Pagan Size: 48 square kilometers (18.6 square miles) Population:Uninhabited Highest Point: 570 meters (1,870 feet.) Fast facts: Located 320 kilometers (199 miles) north of Saipan and 2,000 kilometers (1,300 miles)
south of Tokyo, the island is a cluster of three volcanoes linked by lava and ash. It has also been the
site of some of the most intense recent volcanic activity in the Mariana chain. An active northern volcano
emits steam and is frequently veiled by a heavy, sulfurous cloud. Brown ash covers the slopes of Mt. Pagan.
At the base of the mountain, there are two lakes. A series of vertical cliffs cut the island in two. The
coast is rocky and unapproachable except on the shores of Eastern Roadstead and Apaan Bay on the west coast.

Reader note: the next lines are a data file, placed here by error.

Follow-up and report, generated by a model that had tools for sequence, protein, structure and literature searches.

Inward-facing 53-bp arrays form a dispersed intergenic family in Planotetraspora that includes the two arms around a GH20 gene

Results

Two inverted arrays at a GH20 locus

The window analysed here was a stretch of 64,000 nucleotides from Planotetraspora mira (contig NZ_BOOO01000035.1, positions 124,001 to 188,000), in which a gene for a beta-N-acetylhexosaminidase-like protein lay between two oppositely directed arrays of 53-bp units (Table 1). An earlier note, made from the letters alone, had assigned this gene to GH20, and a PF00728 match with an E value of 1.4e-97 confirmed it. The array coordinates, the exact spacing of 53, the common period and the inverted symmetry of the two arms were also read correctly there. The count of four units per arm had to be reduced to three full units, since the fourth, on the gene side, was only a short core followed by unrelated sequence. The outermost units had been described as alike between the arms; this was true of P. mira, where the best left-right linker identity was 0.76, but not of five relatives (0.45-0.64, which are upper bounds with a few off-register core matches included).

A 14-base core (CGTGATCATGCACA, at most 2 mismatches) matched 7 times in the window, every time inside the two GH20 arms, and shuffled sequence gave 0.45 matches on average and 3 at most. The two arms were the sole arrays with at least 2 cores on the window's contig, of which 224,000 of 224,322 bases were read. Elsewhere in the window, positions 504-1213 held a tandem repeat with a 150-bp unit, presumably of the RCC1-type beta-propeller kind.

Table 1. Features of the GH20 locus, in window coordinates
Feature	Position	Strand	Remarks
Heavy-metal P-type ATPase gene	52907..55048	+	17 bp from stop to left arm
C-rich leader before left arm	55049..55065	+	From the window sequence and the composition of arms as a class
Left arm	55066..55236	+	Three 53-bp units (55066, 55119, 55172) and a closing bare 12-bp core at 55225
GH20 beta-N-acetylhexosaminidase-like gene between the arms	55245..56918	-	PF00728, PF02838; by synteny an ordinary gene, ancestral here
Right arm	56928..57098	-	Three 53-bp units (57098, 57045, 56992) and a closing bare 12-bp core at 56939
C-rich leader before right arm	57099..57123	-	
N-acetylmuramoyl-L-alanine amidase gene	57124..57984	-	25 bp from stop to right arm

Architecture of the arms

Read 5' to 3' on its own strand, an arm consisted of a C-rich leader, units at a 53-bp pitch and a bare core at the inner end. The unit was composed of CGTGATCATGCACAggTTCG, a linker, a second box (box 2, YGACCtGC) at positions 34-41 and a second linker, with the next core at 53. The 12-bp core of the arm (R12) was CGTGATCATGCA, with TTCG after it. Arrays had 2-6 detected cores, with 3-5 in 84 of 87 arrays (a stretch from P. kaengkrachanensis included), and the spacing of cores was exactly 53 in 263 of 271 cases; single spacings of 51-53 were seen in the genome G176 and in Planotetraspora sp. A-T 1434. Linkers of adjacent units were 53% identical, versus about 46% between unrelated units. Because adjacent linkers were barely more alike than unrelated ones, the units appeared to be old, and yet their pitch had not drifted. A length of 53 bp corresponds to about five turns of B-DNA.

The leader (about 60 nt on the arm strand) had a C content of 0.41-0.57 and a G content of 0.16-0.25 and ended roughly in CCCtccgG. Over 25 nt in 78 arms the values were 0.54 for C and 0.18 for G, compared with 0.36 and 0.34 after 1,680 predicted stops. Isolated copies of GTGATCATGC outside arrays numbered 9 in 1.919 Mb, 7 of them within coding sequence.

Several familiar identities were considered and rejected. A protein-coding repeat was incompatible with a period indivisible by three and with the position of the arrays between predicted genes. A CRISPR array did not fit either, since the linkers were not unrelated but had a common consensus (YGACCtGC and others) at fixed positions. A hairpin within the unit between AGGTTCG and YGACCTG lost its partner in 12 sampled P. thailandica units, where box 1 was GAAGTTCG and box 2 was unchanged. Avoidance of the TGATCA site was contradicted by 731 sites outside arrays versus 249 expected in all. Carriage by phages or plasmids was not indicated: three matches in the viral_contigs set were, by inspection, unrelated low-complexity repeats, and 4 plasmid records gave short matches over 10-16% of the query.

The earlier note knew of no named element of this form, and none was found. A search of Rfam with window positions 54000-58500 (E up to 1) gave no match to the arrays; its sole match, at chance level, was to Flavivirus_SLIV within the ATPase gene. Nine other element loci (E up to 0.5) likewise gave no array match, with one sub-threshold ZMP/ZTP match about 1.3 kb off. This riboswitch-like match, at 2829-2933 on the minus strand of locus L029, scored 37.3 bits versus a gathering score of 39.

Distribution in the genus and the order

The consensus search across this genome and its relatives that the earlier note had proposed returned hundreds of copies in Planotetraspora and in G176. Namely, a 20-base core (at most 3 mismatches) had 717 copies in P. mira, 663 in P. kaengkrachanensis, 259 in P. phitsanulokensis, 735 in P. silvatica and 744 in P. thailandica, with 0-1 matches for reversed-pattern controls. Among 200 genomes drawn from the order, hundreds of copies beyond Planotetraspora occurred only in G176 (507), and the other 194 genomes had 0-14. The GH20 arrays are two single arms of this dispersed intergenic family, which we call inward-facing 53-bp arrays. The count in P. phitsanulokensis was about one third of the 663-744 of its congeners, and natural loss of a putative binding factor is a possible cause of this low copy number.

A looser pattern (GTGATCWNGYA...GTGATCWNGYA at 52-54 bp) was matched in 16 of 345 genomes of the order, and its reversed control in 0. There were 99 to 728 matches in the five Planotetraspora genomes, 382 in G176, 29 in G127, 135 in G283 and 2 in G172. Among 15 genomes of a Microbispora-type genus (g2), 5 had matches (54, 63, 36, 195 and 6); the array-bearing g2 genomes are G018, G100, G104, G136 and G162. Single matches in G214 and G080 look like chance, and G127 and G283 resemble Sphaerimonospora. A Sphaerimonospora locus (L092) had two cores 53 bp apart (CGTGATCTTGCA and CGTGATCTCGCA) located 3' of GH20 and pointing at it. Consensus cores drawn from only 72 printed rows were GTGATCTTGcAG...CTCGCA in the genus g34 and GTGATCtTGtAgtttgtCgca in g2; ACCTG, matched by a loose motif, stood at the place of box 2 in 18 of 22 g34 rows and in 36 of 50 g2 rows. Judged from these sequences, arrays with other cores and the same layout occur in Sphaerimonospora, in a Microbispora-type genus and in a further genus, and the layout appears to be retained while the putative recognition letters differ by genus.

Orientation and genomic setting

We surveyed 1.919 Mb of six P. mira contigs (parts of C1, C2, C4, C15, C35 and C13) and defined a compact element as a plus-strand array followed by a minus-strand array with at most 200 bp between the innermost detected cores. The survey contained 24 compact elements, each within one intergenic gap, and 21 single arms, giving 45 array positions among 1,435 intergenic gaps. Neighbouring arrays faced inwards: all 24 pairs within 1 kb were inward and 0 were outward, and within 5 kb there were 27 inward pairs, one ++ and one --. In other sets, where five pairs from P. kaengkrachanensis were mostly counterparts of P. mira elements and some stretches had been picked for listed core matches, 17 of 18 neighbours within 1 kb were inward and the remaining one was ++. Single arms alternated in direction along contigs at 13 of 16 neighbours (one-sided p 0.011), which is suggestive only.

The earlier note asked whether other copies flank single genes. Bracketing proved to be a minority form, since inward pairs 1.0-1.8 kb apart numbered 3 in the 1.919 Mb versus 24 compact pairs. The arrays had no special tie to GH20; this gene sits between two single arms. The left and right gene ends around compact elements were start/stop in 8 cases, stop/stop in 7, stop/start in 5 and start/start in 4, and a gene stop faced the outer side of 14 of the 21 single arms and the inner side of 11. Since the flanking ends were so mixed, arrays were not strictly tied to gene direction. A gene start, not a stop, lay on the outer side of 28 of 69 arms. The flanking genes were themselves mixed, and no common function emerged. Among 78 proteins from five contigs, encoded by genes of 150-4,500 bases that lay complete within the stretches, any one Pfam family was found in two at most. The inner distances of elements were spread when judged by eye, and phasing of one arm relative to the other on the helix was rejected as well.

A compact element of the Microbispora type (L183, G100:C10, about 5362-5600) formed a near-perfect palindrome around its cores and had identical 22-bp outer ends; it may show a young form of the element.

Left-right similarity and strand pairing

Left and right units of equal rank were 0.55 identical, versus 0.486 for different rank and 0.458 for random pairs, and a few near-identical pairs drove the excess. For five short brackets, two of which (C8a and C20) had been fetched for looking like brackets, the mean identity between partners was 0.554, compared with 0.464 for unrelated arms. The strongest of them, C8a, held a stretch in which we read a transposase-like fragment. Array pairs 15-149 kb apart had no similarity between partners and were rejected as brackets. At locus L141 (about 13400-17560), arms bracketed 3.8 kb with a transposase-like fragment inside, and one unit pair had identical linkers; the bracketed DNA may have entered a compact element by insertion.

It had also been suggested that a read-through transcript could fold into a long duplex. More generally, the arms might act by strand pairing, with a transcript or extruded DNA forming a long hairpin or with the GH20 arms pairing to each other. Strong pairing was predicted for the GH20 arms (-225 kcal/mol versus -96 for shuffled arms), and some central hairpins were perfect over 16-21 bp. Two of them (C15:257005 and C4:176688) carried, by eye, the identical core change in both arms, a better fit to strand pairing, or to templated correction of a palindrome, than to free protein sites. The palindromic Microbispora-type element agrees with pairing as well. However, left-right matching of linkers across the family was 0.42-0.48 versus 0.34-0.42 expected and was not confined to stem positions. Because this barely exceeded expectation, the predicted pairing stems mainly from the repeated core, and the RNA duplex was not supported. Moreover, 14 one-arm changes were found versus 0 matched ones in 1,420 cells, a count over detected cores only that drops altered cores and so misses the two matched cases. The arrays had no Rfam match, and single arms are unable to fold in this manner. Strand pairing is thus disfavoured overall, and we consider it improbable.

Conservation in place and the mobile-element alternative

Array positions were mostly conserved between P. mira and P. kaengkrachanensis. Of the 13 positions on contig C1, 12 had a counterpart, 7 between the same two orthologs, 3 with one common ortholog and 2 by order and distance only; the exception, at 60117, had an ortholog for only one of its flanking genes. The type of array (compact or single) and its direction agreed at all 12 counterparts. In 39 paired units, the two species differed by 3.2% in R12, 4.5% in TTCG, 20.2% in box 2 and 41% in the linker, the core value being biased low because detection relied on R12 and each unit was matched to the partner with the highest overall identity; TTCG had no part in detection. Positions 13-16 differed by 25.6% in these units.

The largest of 19 historic eruptions was at North Pagan in 1981. The height of the eruption column was 18 to 20
kilometers (59,000 to 65,600 feet). Lava flowed down the northeast, northwest, and southwest flanks of the volcano.
Fifty-three residents were evacuated without serious injury. Subsequent eruptions in 1987, 1988, 1992, and 1993
were less explosive. Minor ash eruptions occurred at Pagan in March of 1983.
Earthquake activity began to increase beneath Pagan in late 1992. In January of 1993, a magnitude 5.7 earthquake
occurred deep beneath the volcano. Several eruptions occurred early in the year, sending columns of ash over two
kilometers (1 mile) above the summit of North Pagan stratovolcano.
Pagan has been proposed as a marine sanctuary. The island is home to several rare species of animals including the
Marianas megapode and the common moorhen.